Peres and Grunis oppose letting Knesset override Supreme Court
By Rabbi Dow Marmur
JERUSALEM — What was supposed to be a routine ceremony in the official residence of the President of Israel turned out to be a spirited rebuttal in the current debate about the relationship between Israel’s Supreme Court and the Knesset.
It has been flamed by a new proposal by Minister of Justice Ya’akov Ne’eman – who isn’t a Member of Knesset but an appointed minister, as was his predecessor in the Olmert government – to introduce legislation that would allow the Knesset to reinstate laws that the Supreme Court has deemed unconstitutional. (Though Israel doesn’t have a formal constitution it has a number of basic laws that fulfill that function.)
Ne’eman’s proposal is that all that’ll be needed is 65 Knesset votes to overturn the Court’s decision. As every viable coalition is supported by at least 65 out of the Knesset’s 120 members, the Supreme Court could be rendered powerless by the politicians.
At the ceremony, both State President Peres and the President of the Supreme Court Grunis strongly criticized the proposal. The Times of Israel quoted Peres saying that “constitutional legislation demands broad national consent, and that the government must follow that cause… to ensure that the legal system is not beholden to politics.”
Grunis spoke in the same vein. He came out against Ne’eman – said to be known for his propensity for behind-the-scenes manipulations – for publishing the draft without prior consultation with the Supreme Court. (Those who only weeks ago had changed existing rules of appointment to make sure that Grunis would succeed Dorit Beinisch as president of the Court – probably because he was reputed to be conservative – must now be disappointed that he isn’t more pliable than were his two predecessors.)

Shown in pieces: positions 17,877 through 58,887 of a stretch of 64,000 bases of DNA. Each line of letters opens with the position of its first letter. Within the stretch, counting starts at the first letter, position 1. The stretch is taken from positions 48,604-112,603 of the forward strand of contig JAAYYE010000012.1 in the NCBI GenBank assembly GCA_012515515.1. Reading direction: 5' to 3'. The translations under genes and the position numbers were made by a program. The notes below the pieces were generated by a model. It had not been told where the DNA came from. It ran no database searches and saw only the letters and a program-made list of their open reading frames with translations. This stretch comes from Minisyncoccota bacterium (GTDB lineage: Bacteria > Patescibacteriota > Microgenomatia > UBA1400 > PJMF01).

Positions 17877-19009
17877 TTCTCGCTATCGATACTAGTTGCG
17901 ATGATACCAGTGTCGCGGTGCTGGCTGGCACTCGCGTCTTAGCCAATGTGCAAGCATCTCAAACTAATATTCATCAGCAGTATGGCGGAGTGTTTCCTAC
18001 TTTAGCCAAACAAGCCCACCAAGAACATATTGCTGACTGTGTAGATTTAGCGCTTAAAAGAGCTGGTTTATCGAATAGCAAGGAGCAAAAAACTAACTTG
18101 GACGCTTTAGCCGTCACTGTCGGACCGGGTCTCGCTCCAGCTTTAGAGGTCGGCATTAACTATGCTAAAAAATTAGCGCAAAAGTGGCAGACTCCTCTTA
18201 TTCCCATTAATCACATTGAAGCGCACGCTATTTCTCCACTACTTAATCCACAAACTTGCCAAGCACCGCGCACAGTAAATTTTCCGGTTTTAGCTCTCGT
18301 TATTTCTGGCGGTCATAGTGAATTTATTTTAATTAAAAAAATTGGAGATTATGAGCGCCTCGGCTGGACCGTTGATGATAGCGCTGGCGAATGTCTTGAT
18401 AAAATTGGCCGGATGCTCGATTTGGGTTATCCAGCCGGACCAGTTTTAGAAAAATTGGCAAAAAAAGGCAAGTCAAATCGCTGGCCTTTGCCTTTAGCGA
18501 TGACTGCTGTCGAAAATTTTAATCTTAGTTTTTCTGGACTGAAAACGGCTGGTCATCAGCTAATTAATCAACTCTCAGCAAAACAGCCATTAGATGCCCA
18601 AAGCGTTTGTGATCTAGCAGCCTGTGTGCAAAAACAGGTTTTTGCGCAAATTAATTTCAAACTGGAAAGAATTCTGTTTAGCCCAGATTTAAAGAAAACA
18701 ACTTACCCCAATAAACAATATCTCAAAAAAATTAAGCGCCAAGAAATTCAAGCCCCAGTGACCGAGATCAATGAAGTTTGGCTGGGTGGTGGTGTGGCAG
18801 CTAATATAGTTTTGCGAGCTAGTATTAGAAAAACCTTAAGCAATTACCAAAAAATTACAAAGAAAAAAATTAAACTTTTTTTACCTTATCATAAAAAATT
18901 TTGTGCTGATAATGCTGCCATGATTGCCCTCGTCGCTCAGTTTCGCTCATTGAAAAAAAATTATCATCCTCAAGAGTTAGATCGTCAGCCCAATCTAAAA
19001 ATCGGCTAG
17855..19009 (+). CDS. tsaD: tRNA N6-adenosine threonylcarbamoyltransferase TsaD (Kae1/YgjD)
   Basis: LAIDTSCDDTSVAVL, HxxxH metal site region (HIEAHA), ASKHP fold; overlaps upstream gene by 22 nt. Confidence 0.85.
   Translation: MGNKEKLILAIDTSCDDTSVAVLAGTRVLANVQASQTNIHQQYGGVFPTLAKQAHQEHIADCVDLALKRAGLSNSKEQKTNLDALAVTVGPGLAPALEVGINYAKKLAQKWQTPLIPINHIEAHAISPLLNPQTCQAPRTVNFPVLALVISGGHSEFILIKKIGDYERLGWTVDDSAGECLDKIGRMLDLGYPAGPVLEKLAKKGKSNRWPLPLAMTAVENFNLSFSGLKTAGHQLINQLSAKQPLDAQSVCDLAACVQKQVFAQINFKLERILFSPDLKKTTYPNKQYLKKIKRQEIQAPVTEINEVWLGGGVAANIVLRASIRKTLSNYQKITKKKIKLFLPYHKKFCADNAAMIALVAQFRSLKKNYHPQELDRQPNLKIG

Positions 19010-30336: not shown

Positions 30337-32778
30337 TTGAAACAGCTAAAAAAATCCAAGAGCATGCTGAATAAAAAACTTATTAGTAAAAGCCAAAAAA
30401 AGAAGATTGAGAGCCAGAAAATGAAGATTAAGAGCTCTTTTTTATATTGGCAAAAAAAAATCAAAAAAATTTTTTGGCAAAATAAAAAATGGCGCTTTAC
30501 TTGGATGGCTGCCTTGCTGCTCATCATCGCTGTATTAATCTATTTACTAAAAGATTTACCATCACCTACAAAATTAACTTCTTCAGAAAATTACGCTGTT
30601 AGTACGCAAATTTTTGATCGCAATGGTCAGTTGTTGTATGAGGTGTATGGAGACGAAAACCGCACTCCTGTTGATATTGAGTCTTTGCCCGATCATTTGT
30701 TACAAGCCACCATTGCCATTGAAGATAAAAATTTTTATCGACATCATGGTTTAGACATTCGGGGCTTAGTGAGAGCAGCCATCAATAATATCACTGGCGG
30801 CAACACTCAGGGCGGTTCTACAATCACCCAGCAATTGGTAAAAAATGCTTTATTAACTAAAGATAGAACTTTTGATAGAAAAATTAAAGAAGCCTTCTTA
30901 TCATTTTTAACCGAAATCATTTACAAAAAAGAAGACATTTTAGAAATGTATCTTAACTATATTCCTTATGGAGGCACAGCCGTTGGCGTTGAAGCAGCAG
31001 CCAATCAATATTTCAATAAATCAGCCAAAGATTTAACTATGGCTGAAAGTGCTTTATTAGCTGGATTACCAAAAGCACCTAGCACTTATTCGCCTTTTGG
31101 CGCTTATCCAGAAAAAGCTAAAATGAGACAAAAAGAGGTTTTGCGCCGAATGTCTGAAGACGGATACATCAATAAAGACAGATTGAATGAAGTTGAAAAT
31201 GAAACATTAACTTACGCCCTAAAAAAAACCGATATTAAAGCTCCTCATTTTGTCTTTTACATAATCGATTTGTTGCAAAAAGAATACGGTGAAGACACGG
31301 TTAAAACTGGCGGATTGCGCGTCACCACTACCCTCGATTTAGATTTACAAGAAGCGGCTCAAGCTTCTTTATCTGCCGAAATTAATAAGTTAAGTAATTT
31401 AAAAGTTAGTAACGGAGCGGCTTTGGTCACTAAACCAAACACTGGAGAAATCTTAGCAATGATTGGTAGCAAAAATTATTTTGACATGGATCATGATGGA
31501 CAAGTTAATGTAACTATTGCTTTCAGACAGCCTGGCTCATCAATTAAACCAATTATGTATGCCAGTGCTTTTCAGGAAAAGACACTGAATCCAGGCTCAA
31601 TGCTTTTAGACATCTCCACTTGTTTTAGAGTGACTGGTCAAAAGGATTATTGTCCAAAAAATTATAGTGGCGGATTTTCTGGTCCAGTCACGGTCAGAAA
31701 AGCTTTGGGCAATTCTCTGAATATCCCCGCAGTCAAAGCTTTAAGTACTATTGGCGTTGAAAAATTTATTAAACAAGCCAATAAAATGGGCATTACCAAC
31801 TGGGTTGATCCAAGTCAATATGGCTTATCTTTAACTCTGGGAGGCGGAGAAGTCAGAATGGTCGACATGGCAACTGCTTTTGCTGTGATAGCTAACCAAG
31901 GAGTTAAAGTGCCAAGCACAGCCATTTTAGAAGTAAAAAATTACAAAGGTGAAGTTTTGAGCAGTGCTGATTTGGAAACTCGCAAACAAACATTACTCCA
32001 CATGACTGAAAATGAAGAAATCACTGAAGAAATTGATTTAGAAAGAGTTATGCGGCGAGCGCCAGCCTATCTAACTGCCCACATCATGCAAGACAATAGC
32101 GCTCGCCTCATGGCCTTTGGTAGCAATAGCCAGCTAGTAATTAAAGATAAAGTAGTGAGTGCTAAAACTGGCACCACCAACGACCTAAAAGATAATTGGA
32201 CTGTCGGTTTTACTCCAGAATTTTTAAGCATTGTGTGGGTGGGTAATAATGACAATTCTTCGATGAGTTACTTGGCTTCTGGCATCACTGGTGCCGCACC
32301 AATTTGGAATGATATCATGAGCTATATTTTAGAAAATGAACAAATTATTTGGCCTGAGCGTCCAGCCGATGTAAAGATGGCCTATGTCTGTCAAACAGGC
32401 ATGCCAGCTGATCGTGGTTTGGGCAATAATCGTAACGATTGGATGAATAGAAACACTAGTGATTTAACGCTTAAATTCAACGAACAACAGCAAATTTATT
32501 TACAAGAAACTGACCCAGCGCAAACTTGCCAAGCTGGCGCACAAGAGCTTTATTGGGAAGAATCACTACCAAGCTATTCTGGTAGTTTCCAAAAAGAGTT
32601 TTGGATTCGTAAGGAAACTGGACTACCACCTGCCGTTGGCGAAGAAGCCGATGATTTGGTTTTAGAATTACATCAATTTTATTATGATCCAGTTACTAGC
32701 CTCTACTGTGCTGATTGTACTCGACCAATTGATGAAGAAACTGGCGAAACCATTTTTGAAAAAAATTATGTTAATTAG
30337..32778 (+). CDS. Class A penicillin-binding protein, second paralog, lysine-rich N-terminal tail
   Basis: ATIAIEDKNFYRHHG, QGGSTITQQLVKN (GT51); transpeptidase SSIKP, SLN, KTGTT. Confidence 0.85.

If Ne’eman’s draft becomes law, a number of measures calculated to
*inhibit Arab members of the Knesset,
*stem funds from abroad to left-of-centre NGOs,
*make it more difficult for African refugees and those who help them,
*even an Israeli version of the French “burqa law,” *etc., etc. would come onto the books.
Steps would also be taken to change the way Supreme Court judges are appointed to make sure that, as in the US, it’s the government and not a non-partisan committee that makes the decisions.
Though even the legal advisor of the Knesset has counseled against such legislation, there’re those who argue that it would, in fact, strengthen the democratic nature of Israel. For, so the argument goes, it’s the country’s elected law makers, not an elitist group of judges that should decide what’s in the best interest ofIsrael.
The counter-argument is that whereas politicians have been prone to play fast-and-loose with the law to further their own agendas, the Supreme Court has kept Israel democratic, honest and protective of human rights for all.
Once again, then, it is right v. left: as the right-wing parties currently have the majority of seats in the Knesset, they want to get through their agenda. Because the Supreme Court is likely to inhibit them, those on the left are in support of the Court.
I’m told that there’re cogent arguments on both sides, but knowing what we know about the intentions of the reactionaries in the present government – and their intimidation of the potential moderates in their own ranks – there’s every reason to oppose Ne’eman and to side with Peres, Grunis and many other critics.
We’re bound to hear a lot more about it in the weeks and months to come.
Rabbi Marmur is spiritual leader emeritus of Holy Blossom Temple of Toronto. Now dividing his time between Canada and Israel, he may be contacted at email@example.com
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